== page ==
Former State Dept. analyst says White House is 'undercutting evidence' by blocking climate change warning
Posted July 30, 2019 9:40 a.m. EDT
CNN — A State Department official who quit after he says the White House blocked his written testimony on climate change from being delivered to Congress says the Trump administration is "undercutting evidence that contradicts its policy positions."
"I take great pride in the many positive and productive interactions I had with senior officials in my 30 months in the Trump administration," Rod Schoonover wrote in a New York Times op-ed published Tuesday. "But the decision to block the written testimony is another example of a well-established pattern in the Trump administration of undercutting evidence that contradicts its policy positions."
Last month, the White House office of Legislative Affairs blocked Schoonover, who worked as an intelligence analyst for the department, from submitting written testimony to the House Intelligence Committee that offered major warnings "on the national security implications of climate change," according to a report from The Washington Post citing several senior administration officials.
The written testimony Schoonover was prepared to submit, which warned that human-caused climate change could be "possibly catastrophic," according to the Post, stood in marked contrast to the generally dismissive tone President Donald Trump has taken towards climate change and to recent remarks from Secretary of State Mike Pompeo.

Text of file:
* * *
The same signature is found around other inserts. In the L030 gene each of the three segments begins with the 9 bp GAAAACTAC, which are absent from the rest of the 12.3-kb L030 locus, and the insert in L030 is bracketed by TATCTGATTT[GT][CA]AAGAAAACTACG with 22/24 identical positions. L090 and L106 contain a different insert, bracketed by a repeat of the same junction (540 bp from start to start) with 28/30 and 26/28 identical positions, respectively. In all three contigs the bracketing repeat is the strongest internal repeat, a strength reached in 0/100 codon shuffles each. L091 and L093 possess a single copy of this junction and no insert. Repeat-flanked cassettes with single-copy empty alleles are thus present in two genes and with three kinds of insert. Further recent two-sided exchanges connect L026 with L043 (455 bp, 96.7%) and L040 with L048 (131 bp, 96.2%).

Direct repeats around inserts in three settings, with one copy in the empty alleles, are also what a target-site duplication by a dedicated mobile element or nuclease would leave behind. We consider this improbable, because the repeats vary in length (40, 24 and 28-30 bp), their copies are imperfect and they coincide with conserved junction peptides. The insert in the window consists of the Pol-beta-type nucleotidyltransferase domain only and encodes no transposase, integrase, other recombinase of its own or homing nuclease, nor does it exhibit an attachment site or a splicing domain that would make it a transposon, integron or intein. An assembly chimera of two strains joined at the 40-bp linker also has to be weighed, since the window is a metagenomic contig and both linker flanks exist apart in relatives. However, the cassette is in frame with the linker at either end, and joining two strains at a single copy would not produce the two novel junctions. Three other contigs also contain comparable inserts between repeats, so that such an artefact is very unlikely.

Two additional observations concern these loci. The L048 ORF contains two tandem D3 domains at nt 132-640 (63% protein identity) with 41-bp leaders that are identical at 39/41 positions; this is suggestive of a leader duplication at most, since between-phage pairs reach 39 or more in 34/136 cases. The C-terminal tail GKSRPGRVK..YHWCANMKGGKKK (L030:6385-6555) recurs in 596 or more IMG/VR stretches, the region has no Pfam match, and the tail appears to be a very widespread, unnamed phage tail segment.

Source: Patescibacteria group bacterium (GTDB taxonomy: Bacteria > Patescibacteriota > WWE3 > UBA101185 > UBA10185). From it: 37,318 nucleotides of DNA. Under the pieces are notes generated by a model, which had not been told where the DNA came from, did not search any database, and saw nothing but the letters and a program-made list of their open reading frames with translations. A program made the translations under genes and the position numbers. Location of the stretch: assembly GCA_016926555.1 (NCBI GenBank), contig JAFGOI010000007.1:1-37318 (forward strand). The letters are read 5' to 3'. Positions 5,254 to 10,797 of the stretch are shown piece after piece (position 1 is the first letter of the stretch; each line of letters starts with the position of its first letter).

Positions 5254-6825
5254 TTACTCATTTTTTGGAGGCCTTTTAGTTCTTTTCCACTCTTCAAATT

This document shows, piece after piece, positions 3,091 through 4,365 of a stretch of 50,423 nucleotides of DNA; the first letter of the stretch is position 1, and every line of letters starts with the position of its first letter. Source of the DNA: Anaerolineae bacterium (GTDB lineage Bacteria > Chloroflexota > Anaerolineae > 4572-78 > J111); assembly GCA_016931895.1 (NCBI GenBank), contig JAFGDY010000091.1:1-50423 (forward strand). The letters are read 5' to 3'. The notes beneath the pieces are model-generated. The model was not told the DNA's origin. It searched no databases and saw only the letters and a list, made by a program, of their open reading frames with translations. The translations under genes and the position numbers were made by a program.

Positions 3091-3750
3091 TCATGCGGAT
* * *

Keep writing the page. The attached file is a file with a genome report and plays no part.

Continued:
The White House did not immediately respond to CNN's request for comment on Tuesday.
Schoonover, who said in the opinion piece that his last day at his post was July 12, wrote that the move "trampled not only on the scientific integrity of the assessment," but also "undermined the analytic independence of a major element of the intelligence community."
"When a White House can shape or suppress intelligence analysis that it deems out of line with its political messaging, then the intelligence community has no true analytic independence. I believe such acts weaken our nation," he wrote.
The former administration official also wrote in the piece that he was able to appear at the June 5 hearing "and give a five-minute verbal summary of the 11-page testimony," but that by not being able to submit his written testimony, "Congress was deprived of the full analysis, including the scientific baseline from which it was drawn."